Are you considering dentures? It may help to know what you can expect during the process. Our North Vancouver dentist lists some common complaints and tips for adjusting to your new teeth.
What to Expect
Dentures can help restore your smile and support you in feeling more confident in your grin. They can also reduce bone loss and support facial structure and muscles.
While dentures may be a great long-term solution if you are missing teeth, adjusting to them can take time and effort.
Typically, it takes people anywhere from 4 to 8 weeks to fully adjust to wearing dentures.
Be patient as your mouth adapts to the changes and you get used to having dentures where your natural teeth once were. Understanding what you can expect can help make for a smoother transition.
In the early stages of wearing dentures, some patients notice these challenges:
- Higher production of saliva
- Problems speaking or eating while wearing dentures
- Impact on chewing
- Smile seems unnatural
- Gums may shrink or loosen
- Bone chips and sore spots may develop
Remember that these issues are a natural part of the dental process, and most will be temporary.
Tips for Adjusting to Dentures
Your dentures might feel unnatural and a bit awkward in those first few days or weeks. During this time, some of your biggest challenges may be related to changes in speaking and eating. Here are some tips to help.
At first, you'll need to eat a diet of liquid or soft foods after getting your new dentures. Due to your diet limitations during those first few days of the recovery process, you might want to plan ahead and prepare foods that will be ready when you're hungry. Try to pick foods that won't require much chewing, as these are best for preventing pain or discomfort.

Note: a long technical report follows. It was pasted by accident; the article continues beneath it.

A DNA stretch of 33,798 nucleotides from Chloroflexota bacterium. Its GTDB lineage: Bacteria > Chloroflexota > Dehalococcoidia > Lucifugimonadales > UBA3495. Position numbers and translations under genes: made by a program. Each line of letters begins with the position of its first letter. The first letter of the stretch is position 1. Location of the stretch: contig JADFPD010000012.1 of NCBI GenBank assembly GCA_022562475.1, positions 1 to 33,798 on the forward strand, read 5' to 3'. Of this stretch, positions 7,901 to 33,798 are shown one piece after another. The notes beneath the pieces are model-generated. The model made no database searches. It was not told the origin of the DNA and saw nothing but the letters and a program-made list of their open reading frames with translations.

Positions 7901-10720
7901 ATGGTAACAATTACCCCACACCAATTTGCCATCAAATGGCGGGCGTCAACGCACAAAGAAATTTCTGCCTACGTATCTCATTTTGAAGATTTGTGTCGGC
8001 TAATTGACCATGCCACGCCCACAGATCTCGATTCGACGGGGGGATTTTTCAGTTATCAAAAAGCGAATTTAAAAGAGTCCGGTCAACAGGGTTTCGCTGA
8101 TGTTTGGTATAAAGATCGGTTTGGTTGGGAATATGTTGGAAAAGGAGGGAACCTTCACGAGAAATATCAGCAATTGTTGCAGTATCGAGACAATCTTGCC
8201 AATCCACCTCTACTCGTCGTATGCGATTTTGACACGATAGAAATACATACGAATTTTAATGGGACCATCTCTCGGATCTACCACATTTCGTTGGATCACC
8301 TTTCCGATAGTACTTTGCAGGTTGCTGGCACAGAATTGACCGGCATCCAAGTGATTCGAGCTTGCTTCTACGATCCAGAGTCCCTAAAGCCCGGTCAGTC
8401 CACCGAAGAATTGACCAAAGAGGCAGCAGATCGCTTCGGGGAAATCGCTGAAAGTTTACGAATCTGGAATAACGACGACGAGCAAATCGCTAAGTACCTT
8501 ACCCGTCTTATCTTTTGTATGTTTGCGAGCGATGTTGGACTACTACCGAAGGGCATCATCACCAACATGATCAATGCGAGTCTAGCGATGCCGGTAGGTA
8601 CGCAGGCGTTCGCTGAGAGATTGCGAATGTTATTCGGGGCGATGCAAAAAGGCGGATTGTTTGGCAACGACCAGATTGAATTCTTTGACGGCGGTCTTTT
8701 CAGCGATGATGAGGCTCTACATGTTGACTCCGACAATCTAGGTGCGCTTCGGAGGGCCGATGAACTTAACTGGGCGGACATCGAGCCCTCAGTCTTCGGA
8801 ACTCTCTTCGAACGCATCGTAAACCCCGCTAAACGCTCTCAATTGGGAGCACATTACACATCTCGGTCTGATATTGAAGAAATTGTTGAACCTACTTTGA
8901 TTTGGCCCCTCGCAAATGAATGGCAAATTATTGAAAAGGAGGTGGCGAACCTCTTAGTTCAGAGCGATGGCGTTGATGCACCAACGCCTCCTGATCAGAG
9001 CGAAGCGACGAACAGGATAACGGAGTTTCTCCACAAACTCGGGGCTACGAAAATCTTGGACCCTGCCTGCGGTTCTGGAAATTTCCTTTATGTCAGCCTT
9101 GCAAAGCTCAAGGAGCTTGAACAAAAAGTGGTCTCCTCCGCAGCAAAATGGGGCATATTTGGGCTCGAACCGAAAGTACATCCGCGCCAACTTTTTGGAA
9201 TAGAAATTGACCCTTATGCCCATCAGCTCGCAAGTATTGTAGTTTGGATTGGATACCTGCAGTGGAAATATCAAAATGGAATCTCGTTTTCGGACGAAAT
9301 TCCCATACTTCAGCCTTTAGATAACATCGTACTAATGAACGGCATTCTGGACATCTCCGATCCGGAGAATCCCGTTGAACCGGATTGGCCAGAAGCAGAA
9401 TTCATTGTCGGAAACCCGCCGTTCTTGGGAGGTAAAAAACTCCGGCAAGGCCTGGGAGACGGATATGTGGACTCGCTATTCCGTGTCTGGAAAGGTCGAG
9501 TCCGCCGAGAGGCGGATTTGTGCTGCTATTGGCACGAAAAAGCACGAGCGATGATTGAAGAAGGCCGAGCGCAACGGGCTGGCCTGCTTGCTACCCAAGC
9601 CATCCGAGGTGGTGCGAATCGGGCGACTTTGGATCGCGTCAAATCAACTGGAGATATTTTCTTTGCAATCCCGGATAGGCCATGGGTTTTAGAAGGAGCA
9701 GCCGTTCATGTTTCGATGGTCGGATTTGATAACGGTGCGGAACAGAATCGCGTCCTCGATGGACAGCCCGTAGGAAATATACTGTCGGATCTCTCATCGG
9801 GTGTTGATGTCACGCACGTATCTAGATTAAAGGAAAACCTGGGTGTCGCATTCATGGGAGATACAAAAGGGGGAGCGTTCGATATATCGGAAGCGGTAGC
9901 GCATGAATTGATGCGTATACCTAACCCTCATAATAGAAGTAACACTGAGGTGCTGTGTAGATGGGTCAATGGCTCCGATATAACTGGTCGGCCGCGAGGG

You might also want to use a food processor, juicer or blender to eat some of your favourite foods during this period.
Use this list to help you in the first few days or weeks:
- Melted or soft cheeses
- Ice cream or milkshakes
- Steamed or cooked vegetables that have softened
Similar to eating, you may find it awkward to talk for the first few weeks. However, you can start to regain confidence and comfort in speaking with a little practice.
It may help to speak slower than usual, which can assist with controlling movement and reducing clicking noises that may happen if your dentures shift while speaking. You may find that wearing denture adhesive helps to keep your dentures in place. Ask your dentist if this solution is right for you.
You may find it useful to read out loud to yourself as a way to practice, especially in the first few days when speaking around other people may make you feel somewhat self-conscious. This allows you to adapt and get used to repeating difficult sounds — without the prospect of an audience. The more you practice, the easier and more natural speaking
The more chances you take to practice, the easier and more natural it will become, quickly helping you to feel confident in your new dentures.
Looking for more tips on how to make living with dentures easier? We can help. Talk to your dentist at Seymour Dental Centre today!